2001-2010

Ulrich Seidl – Jesus, Du weisst AKA Jesus, you know (2003)

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Documentary filmmaker Ulrich Seidl offers a provocative look at both Christianity and its followers by examining a handful of true believers through their prayers in this film. Jesus, Du Weisst observes six people — mostly Catholics — as they kneel in church and pray for guidance. Rather than offer a detailed look at their personal lives, Seidl allows us to learn about these people as they share their needs and concerns with the Lord through prayer, and we watch some of the subjects as their faith manifests itself in their daily lives. In Jesus, Du Weisst (Jesus, I Know), Seidl also touches upon how the manner in which people worship is often reflected in the design and decor of the churches to which they belong. — Mark Deming Read More »

Jasmila Zbanic – Grbavica: The Land of My Dreams (2006)

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A woman sees her own traumatic past reflected in the actions of her teenage daughter in this drama from first-time writer and director Jasmila Zbanic. Esma (Mirjana Karanovic) is a single mother trying to raise her teenage daughter, Sara (Luna Mijovic), in Sarajevo in the wake of war. While Esma works as a barmaid at a nightclub run by Saran (Bogdan Diklic), a man on the wrong side of the law, she has trouble making ends meet, and receives occasional benefits payments from a support group for women who have been affected by the war. Esma has little interest in talking about the loss of her husband, whom she claims was a hero fighting for Bosnia, and can become hyper-emotional with little provocation. As Pelda (Leon Lucev), one of Esma’s co-workers at the club, attempts to interest her in romance, Esma notices that Sara has caught the eye of Samir (Kenan Catic), a rebellious young man who is one of her classmates. As Esma tries to discourage Sara from becoming involved with Samir, she finds fate has forced her to tell her daughter the truth about her father. Grbavica received its world premiere at the 2006 Berlin Film Festival. ~ Mark Deming, All Movie Guide Read More »

Manijeh Hekmat – Zendan-e zanan aka Women’s Prison (2002)

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Spanning 18 years in an Iranian women’s prison, this follows two women: the new prison warden, a tough as nails devout Muslim who has served in the army on the Iraqi front, and a young midwife, Mitra, who is serving her sentence for killing her mother’s abusive husband. In the early years, Mitra is repeatedly punished as the warden tries to break her. This includes punishment for delivering a baby in the prison cell while all of the prison staff has taken shelter during an Iraqi bombing. The warden’s attitude starts to change after 8 years, when Mitra tries to protect a new inmate from rape at the hands of her older cellmates. When the baby comes back in 1991 as a 17 year old delinquent, Sepideh, the warden respects Mitra enough to protect the girl. Read More »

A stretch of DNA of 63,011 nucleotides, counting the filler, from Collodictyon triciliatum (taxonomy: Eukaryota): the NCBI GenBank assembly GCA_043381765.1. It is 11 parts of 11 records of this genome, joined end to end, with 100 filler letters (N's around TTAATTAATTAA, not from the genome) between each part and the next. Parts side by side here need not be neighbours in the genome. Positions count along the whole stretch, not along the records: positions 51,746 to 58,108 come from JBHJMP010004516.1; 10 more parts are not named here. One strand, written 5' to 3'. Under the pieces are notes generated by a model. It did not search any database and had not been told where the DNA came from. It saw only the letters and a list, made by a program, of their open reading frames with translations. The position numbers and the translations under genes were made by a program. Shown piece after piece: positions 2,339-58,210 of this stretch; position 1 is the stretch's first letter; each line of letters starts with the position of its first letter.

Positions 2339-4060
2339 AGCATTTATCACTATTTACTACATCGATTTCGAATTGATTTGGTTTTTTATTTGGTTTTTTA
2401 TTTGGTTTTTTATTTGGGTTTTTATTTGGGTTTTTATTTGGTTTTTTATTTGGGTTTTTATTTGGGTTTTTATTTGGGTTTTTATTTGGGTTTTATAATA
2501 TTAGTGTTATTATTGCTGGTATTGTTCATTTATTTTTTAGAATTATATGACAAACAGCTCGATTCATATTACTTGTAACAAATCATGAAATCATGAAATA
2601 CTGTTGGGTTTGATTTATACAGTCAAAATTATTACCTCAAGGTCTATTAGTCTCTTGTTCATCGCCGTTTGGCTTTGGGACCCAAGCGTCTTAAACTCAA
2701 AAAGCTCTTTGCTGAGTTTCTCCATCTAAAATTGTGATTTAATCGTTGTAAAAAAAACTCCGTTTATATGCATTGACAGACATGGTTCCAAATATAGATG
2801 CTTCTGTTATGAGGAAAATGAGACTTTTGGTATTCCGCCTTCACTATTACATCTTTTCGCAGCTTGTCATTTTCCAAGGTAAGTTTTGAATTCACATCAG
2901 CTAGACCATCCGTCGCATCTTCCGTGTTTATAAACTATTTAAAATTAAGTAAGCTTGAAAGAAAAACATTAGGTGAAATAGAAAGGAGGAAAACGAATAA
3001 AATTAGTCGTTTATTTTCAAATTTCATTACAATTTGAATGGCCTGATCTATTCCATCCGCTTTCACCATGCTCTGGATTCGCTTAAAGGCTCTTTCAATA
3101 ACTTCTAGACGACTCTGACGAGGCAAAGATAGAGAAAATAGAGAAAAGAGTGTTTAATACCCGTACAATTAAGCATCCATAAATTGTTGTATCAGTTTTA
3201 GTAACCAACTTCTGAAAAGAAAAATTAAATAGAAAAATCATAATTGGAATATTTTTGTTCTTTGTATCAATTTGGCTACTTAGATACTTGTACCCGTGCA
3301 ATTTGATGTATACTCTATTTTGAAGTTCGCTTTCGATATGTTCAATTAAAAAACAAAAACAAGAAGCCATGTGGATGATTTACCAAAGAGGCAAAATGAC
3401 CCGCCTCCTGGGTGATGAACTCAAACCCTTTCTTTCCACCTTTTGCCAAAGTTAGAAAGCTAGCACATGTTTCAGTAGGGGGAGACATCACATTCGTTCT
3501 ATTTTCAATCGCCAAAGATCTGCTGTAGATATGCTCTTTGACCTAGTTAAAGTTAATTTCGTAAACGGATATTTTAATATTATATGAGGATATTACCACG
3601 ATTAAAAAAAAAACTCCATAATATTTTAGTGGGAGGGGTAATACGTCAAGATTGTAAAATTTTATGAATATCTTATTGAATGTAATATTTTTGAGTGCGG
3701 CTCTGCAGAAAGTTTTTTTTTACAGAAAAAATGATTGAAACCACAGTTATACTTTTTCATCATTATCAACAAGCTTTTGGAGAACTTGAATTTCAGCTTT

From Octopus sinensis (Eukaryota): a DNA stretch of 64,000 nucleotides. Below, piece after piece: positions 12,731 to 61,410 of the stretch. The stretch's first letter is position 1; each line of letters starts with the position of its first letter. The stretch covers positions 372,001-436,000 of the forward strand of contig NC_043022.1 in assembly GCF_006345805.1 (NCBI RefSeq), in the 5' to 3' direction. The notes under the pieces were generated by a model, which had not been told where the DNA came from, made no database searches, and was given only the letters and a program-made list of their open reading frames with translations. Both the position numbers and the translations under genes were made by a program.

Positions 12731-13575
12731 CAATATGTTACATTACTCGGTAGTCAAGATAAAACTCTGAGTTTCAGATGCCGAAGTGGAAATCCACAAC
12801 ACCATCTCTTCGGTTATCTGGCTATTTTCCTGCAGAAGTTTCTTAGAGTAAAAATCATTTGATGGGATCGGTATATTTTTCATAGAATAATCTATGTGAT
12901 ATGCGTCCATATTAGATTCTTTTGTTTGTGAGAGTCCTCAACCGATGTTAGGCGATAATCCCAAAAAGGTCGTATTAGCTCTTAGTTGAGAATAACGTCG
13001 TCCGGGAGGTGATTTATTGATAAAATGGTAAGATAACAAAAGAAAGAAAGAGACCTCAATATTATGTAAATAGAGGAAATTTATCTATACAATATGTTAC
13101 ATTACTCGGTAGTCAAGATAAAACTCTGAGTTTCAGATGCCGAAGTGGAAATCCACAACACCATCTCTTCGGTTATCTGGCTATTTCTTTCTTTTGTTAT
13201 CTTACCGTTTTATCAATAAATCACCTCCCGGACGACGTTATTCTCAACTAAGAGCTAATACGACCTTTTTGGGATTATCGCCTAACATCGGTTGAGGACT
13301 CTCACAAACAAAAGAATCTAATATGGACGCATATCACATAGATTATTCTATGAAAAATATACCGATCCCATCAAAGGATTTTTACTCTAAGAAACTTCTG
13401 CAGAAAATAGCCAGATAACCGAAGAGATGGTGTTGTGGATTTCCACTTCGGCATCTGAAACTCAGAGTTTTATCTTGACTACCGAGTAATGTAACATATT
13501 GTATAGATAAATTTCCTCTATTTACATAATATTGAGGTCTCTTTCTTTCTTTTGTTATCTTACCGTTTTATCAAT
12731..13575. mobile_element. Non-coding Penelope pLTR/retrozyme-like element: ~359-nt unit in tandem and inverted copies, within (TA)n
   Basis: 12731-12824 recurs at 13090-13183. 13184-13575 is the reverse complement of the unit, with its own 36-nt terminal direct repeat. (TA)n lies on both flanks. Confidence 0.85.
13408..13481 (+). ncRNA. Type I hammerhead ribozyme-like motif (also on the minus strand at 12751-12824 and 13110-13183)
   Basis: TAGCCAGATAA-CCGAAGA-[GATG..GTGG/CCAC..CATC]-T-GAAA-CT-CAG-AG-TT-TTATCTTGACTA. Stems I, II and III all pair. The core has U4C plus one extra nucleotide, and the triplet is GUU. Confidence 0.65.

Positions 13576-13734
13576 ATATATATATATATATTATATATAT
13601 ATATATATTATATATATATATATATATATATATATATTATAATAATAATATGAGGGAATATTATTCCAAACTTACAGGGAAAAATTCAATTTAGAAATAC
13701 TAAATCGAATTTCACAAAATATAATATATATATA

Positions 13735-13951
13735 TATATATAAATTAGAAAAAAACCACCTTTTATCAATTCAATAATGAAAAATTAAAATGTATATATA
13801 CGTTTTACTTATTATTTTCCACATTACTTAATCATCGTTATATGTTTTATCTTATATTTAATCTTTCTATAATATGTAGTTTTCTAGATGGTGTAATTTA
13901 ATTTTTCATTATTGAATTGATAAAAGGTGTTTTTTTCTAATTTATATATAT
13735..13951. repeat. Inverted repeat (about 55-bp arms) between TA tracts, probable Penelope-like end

Joe Swanberg – Alexander the Last (2009)

Director Joe Swanberg (Nights and Weekends) goes beyond the mumblecore movement with this revealing drama about marriage. For Alexander the Last, Swanberg reigns over an experienced cast of actors — including Jane Adams, Jess Weixler, and Josh Hamilton — but still incorporates his usual improvisational techniques. Margot at the Wedding director Noah Baumbach serves as one of the film’s producers. —IFC Films Read More »

Kira Muratova – The Tuner (Nastroyshchik) (2004)

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from review @ Kinokultura:

At the heart of Kira Muratova’s newest film, The Tuner (Nastroishchik, 2004), is her characteristic and enduring love of predation—predation for its own sake. Of course, any talk of “the heart of Muratova’s work” is a judgment of anatomy rather than sentiment, as any admirer would attest. With The Tuner, she has produced an extraordinary new film that offers a complex assessment of the human subject, civilization, and the creative act. Read More »

Andrey Zvyagintsev – Vozvrashcheniye (Возвращение) AKA The Return [+Extras] (2003)


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Feisty, diminutive 13-year-old Ivan (Ivan Dobronravov) lives with his mother (Natalia Vdovina) and easygoing, tall, 15-year-old brother Andrei (Vladimir Garin) in a small, grimy Russian town. Their father (Konstantin Lavronenko) has long since departed the scene – until one day, completely out of the blue, he returns.

A dour, steely presence, Dad doesn’t say much, but next day takes the boys on a “fishing trip.” While Andrei does his best to re-establish friendly terms with his uncommunicative parent, Ivan rebels – and even questions whether this mysterious streanger really is their father at all. When they reach their destination at a remote lake, events take an even more enigmatic turn… Read More »

Abel Ferrara – Chelsea on the Rocks (2008)


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The Chelsea Hotel has long been consider the creative epicenter of New York City, a sort of unofficial gathering point for the most renowned artists and entertainers that the city has to offer. But while the Chelsea Hotel was once considered an impenetrable, untouchable monument to the creative spirit, an early 21st Century renovation led many to believe that the new management company had little appreciation for it’s unique history. Dennis Hopper, Milos Forman, R. Crumb, Ethan Hawke, Grace Jones, and a whole host of Chelsea Hotel regulars all chime in with their fondest memories about the New York landmark, and their thoughts about what may be in store for the iconic building in the future. —allmovie guide Read More »